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Darwin Anniversary Highlights Russia's Lack of Science Funding

Charles Darwin
Charles Darwin
MOSCOW -- Hundreds of schoolchildren are descending on the Darwin Museum in southern Moscow this week at the opening of a series of exhibitions dedicated to naturalist Charles Darwin.

Darwin, who was born 200 years ago today, was hailed by early Soviet leaders as an "intellectual hero" whose work on evolution and the natural sciences played a key role in the formation of modern communist doctrine.

The director of Moscow's Darwin Museum, Anna Klyukina, says she hopes the exhibitions will give children a better insight into Darwinism at a time when the teaching of science in schools has been drastically reduced.

“Today in schools, it seems to have gone too far, and hardly any time at all is spent learning biology," Klyukina says. "But I’m glad to say that what little time is spent on biology lessons today does include the theories of Darwin.”

Klyukina’s aim, she says, is to teach children -- and adults -- about Darwin’s theories through 12 exhibitions that will run through 2009, the bicentennial year of his birth. They range from an in-depth look at his work, titled "Darwin: Myth and Reality," to more light-hearted exhibitions for younger visitors, including "The Life of a Worm," and "How Wolves Evolved into Domestic Dogs."

1 Million Scientists

During the Soviet period, the USSR's scientific establishment was one of the largest in the world. The Soviet Union boasted more than 1 million scientists -- roughly 30 percent more than in the United States at the time. The country even created an entire city in Siberia -- Akademgorodok -- dedicated to the study of every branch of science.

Unfortunately, biology lessons -- where children are taught about evolution and about where people come from -- have been cut. So we consider it our duty to teach children as much as we can...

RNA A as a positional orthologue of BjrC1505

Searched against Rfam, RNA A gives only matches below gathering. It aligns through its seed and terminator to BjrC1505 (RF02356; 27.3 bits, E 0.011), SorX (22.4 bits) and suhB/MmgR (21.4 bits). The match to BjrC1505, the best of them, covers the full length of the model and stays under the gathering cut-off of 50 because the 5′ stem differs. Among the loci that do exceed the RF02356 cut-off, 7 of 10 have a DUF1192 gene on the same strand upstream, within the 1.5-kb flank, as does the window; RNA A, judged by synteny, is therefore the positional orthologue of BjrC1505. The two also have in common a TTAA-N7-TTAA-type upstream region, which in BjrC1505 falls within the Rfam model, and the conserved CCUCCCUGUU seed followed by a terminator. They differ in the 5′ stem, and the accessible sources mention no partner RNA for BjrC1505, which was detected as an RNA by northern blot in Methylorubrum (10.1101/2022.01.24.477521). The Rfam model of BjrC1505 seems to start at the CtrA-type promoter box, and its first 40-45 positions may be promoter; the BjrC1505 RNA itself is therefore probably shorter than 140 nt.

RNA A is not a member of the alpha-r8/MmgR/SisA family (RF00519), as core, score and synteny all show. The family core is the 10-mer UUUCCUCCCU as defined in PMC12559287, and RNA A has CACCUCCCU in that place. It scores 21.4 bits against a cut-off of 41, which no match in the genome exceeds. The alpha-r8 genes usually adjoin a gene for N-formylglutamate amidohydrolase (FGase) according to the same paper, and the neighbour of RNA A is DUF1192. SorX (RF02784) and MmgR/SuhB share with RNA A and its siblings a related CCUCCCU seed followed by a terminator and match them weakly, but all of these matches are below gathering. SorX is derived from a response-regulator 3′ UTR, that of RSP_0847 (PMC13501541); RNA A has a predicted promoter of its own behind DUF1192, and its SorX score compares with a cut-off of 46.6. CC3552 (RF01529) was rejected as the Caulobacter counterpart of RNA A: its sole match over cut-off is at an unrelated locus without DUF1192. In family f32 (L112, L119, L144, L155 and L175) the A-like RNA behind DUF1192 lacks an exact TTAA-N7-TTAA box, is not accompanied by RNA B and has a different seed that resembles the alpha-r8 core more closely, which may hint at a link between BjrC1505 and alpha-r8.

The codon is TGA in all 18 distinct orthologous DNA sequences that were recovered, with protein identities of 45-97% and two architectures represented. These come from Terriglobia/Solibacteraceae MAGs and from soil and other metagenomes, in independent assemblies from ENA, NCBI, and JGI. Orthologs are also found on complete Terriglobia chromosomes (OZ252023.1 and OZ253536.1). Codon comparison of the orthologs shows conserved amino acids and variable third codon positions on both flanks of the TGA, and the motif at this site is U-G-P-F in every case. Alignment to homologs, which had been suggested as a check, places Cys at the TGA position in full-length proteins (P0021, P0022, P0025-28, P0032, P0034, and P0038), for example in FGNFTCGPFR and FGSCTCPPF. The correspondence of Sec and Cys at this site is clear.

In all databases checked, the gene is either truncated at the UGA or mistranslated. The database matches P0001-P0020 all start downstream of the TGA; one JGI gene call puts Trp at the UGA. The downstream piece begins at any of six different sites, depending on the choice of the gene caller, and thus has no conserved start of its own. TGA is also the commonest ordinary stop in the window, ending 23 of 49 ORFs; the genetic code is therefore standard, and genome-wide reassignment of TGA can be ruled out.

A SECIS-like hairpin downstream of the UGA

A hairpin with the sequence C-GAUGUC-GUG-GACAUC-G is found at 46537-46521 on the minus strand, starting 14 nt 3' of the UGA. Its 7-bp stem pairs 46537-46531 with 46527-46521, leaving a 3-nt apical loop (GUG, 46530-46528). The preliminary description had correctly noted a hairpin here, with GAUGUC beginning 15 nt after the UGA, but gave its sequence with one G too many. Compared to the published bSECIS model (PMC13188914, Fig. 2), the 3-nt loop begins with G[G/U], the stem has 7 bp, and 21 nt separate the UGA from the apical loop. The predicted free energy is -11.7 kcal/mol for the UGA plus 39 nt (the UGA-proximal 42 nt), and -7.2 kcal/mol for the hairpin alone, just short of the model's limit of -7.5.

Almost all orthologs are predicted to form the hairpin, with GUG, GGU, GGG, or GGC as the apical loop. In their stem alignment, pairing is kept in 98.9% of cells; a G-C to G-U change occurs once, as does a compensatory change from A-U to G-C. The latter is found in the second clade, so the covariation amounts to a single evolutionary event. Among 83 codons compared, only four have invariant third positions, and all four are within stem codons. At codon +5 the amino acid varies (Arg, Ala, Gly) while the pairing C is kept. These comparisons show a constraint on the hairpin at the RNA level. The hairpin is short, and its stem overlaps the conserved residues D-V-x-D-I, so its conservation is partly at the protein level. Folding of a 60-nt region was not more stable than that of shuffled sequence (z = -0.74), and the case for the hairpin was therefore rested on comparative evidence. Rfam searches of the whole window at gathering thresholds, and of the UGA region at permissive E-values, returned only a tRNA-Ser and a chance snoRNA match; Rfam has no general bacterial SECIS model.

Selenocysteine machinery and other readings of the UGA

Since the collapse of the Soviet Union, however, science has suffered a setback. The economic and social turmoil of the 1990s saw science budgets slashed, and thousands of scientists left the country for better-paid positions abroad.

Emilia Vorobyova, a microbiologist at the Russian Academy of Sciences, says it isn’t that science no longer enjoys the status it once did.

“It still plays a leading role," she says. "It’s just that it is badly funded, poorly funded. It’s simple: All the conditions have changed. Of course, we would like to receive better subsidies, so that we can acquire better equipment.”

Two years ago, the 300-year-old Russian Academy of Sciences, which has boasted dozens of Nobel Prize winners, came to blows with the Kremlin over government plans to establish a supervisory council, which would include officials from the presidential administration and control the organization’s finances.

Scientists at the academy warned that the move would threaten the body’s prized autonomy, and expressed fears that the real aim of the reform was to allow bureaucrats to get their hands on its state funding and the prime real estate it controls.

Stop The Brain Drain

For now, the plans have been shelved, but the government insists reforming the academy is essential to bring the country’s underperforming scientific institutions in line with the 21st century.

Since then, Prime Minister Vladimir Putin has promised to spend $25 billion on science institutions by the end of next year. This, he hopes, will help stop the brain drain and bring back the competitive edge to Russia’s much depleted scientific research.

An exhibit at Moscow's Darwin Museum
At the Darwin Museum, Yelena Baranova guides visitors through a maze of glass cases dedicated to Darwin’s life and work. As a science graduate herself, she says, it makes her sad that children are being offered less science in school.

“Unfortunately, biology lessons -- where children are taught about evolution and about where people come from -- have been cut," Baranova says. "So we consider it our duty to teach children as much as we can, and as far as we are able, what they are no longer being taught at school.”

But for some of the visitors to the museum this week, Darwin’s anniversary was not at the top of their agenda. Igor and his young daughter, Evelina, were happy simply to look at the vast array of animals on display.

“As far as Darwin is concerned, in all honesty we just came here to look at the wild animals, not to study evolution," Igor says. "My daughter is 3 years old. She came here for the first time a couple of days ago. And she just loves to look at the animals here.”